Producer Paul Newman and his wife Joanne Woodward make an excellent film team as the director and star of this sensitive 1968 movie based on the novel A Jest of God by Margaret Laurence.
In his director debut, Newman directs his wife Woodward as Rachel Cameron, a mid-30s East Coast virgin spinster schoolteacher facing up to her emotions and prospects. Still living in the small town of Japonica, Connecticut, where she grew up, she is sad and lonely.
Woodward is superb but the movie is not just a star vehicle for a tour de force from her, though that would be enough. Also the whole cast play with great relish and success, with Kate Harrington outstanding as Rachel’s demanding widowed mother, and striking performances from Estelle Parsons as her fellow teacher friend Calla Mackie and James Olson as returning childhood acquaintance Nick Kazlik. And Stewart Stern’s screenplay presents a thoughtful kaleidoscope of small-town life so it can dissect what it sees.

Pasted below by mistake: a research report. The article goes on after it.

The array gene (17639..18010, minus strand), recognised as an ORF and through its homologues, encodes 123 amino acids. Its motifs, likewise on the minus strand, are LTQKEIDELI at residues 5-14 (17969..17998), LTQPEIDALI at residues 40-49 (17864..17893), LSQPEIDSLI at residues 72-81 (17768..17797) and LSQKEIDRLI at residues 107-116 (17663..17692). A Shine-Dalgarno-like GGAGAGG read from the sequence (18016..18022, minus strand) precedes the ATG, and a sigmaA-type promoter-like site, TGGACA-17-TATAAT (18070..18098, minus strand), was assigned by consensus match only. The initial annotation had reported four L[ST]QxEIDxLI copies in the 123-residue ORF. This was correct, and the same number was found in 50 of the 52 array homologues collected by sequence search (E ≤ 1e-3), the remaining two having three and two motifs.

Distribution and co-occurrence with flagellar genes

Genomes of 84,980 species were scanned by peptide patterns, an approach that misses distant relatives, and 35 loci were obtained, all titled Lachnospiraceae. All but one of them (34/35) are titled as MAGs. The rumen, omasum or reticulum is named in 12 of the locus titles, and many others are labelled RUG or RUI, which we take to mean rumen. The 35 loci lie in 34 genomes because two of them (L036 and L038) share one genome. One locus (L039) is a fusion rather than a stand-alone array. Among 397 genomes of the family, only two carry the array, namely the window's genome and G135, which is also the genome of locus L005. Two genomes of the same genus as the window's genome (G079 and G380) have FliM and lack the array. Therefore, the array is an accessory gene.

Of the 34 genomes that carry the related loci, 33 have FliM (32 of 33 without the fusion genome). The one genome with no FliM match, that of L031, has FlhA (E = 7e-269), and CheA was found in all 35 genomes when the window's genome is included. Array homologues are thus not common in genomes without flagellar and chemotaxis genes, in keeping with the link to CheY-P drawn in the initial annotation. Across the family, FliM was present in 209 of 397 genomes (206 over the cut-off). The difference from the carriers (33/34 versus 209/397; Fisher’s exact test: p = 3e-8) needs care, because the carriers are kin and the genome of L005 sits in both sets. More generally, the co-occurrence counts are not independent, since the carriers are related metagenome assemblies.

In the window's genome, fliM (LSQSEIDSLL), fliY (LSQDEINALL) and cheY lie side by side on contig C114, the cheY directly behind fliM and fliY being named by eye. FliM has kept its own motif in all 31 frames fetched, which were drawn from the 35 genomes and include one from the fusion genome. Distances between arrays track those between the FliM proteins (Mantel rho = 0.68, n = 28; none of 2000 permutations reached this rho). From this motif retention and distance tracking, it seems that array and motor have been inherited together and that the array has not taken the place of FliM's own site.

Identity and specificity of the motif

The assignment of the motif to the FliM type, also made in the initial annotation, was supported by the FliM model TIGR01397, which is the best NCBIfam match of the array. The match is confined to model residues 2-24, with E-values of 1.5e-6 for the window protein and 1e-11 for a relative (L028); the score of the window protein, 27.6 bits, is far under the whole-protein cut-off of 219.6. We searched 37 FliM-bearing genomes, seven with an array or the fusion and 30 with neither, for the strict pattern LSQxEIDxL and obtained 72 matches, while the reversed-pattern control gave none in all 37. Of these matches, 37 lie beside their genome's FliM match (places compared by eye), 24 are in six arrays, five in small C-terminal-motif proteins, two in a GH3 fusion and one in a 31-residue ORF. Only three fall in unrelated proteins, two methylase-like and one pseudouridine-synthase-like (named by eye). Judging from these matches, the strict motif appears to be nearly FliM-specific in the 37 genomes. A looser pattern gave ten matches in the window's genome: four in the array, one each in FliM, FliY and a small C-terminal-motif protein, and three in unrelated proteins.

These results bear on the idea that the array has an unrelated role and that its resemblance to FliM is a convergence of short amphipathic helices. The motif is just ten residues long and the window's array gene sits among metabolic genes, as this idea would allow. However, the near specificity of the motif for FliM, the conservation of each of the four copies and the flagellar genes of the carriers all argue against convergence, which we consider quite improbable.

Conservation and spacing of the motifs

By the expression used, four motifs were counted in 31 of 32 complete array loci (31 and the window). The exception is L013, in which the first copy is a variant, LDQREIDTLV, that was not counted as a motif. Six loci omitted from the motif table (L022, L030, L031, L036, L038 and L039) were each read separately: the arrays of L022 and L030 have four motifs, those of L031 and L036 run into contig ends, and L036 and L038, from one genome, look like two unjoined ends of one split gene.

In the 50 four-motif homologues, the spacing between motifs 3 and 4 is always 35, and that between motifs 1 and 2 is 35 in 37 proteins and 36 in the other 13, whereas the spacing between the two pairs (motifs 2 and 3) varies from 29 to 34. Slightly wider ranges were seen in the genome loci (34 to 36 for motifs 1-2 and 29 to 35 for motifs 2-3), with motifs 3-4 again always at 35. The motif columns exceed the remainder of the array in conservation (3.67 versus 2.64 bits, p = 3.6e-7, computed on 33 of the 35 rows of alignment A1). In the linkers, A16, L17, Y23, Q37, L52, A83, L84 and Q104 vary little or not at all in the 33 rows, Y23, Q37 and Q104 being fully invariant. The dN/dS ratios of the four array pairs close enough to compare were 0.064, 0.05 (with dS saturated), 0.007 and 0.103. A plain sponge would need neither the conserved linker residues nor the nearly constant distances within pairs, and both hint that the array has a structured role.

Also in the cast are Donald Moffat, Terri Kiser, Geraldine Fitzgerald, Bernard Barrow, Frank Corsaro, Nell Potts, Shawn Campbell, Violet Dunn, Izzy Singer, Tod Engle and Bruno Engler.
Woodward won her only Oscar for The Three Faces of Eve(1957).
Paul Newman: 1925 – 2008.
© Derek Winnert 2016 Classic Movie Review 4280
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